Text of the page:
Humans have always had an imagination for the “what if ” stories in life. We have told stories verbally for thousands of years and now many of these stories have become audio books that allow people to hear these stories without being able to see the words. What if we could create an interactive audio book that only used your voice with the help of a smart device? This research project will investigate the feasibility of delivering hypertext fiction through a voice command smart device. I hope this research will improve the quality of life for those who are visually impaired, and can expand the ability of storytellers to enrich the imagination. Interactive hypertext fiction on voice command devices will become the new medium to connect with “readers” in the home.

Top: Bohlin’s Ledge House, Catoctin Mountains (top) and Combs Point Residence, Finger Lakes (bottom). (Svarczkopf) Bottom: Criminality and serial murder: Gacy (top left), Bundy (top right), Dahmer (lower left) and Ridgeway (lower right). (Soares)

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Independent Study Leaves 2015-16 Independent Study Leaves constitute the University’s sabbatical program, with awards based on scholarly proposals for projects intended to enhance the professional effectiveness of faculty through study, research, writing, travel related to professional development, and/or practical experience in the faculty member’s field.

Najiba Benabess

Patricia Ferreira

Women make up about half of the labor force, yet there has been little research about the nature of their work or its importance to society and the economy. Dr. Benabess’ paper investigates the notion that feminization U hypothesis holds in the USA, Spain and Morocco. Dr. Benabess’ interest in these countries was aroused because of apparent differences in the role of women in the countries’ economic development. Spain is one of the countries with the largest social inequalities in Europe. Morocco’s multiculturalism seems to be reflected in women’s conditions and lifestyle. Moroccan women, backed by the policies of King Mohammed VI, appear to enjoy more rights and freedom now than a few years ago. Women are significantly more visible today in the workplace and in politics, as well as in entrepreneurial activities and the associative sector. The trends of female labor force participation in Spain and Morocco are expected to be different from those in the United States. She posits that increasing the role of women in the economy is part of the solution to the financial and economic crises, and is critical for economic resilience and growth.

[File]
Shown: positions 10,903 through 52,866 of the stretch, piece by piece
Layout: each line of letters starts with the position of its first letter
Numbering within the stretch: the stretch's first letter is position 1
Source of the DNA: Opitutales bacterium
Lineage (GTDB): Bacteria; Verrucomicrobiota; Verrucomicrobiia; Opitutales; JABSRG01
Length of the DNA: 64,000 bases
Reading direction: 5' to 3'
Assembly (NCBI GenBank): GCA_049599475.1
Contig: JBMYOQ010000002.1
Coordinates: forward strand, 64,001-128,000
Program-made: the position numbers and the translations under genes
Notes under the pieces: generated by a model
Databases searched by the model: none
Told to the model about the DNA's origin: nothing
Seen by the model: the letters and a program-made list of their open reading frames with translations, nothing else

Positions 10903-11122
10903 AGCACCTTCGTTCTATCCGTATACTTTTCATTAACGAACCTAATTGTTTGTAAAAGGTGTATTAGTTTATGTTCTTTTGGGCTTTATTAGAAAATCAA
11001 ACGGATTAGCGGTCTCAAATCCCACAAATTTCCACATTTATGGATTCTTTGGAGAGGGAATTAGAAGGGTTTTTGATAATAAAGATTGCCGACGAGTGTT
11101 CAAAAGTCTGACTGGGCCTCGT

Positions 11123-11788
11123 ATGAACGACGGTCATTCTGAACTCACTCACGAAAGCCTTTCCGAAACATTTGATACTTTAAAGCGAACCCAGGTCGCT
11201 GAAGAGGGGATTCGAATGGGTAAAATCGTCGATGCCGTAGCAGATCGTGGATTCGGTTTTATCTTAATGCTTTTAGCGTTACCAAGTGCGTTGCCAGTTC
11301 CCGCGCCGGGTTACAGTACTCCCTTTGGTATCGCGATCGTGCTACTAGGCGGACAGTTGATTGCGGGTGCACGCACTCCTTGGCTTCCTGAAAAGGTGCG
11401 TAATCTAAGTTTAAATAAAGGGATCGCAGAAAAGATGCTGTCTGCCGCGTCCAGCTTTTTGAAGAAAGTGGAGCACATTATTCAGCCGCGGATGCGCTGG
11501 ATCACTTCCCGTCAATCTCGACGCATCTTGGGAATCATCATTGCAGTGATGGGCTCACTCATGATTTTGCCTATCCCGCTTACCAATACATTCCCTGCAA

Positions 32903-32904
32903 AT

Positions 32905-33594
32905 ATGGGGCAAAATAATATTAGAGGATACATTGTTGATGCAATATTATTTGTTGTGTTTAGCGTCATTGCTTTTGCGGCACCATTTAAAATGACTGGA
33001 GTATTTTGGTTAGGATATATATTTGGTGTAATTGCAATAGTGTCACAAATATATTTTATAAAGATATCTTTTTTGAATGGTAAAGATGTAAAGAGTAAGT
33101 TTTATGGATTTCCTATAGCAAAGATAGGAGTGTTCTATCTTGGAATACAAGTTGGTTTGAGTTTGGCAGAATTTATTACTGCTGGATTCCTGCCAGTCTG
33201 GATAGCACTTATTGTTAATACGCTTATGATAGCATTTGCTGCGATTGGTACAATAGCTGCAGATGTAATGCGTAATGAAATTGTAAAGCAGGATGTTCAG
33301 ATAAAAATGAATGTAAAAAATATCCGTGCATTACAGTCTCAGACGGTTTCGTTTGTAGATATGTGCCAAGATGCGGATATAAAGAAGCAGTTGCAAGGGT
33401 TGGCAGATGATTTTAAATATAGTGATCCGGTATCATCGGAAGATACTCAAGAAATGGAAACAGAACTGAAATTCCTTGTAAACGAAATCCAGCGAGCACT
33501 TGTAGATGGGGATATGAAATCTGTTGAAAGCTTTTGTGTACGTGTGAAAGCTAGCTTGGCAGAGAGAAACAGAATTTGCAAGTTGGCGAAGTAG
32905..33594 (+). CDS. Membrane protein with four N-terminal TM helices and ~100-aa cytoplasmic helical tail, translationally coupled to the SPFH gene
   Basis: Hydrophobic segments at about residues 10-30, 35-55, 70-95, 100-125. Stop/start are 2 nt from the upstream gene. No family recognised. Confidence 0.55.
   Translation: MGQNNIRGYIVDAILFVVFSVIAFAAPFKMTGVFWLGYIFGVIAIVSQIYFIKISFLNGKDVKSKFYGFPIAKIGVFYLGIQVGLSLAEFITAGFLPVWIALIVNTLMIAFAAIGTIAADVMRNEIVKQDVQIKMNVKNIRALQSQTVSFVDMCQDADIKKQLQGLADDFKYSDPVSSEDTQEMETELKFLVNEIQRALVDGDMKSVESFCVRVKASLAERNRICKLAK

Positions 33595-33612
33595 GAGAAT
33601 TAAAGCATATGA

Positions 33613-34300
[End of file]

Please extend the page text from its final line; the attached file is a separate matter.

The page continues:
Professor Ferreira completed a 10,000-word independent article, titled Leaving Frederick Douglass’s Arm: Isabel Jennings on Her Own, and submitted it for publication consideration to Nineteenth Century Literature. Prof. Ferreira fully researched the context for the material artifacts she has acquired relating to Jennings’s life. She also drafted a book proposal for a feminist biography of her subject for Cork University Press and met with the Director while in Ireland. She has nearly completed drafting a book-length manuscript which, once accepted for publication, will serve as the culmination of her work on Jennings. While very proud of her accomplishments during her ISL, Professor Ferreira is most gratified by what she has learned in the process: how the industrialism of the 19th-century was centrally linked to the social reform of the era; how women’s philanthropic work in the early part of the century was an important stepping stone to their demands for equal rights, including the right to vote, in the later part of the century and the beginning of the next; how Irish women were an integral part of the anti-slavery campaign and the way Jennings distinguished herself as a leader.

The Effects of Increased Female Labor Force Participation in Three Diverse Economies

Rowly Brucken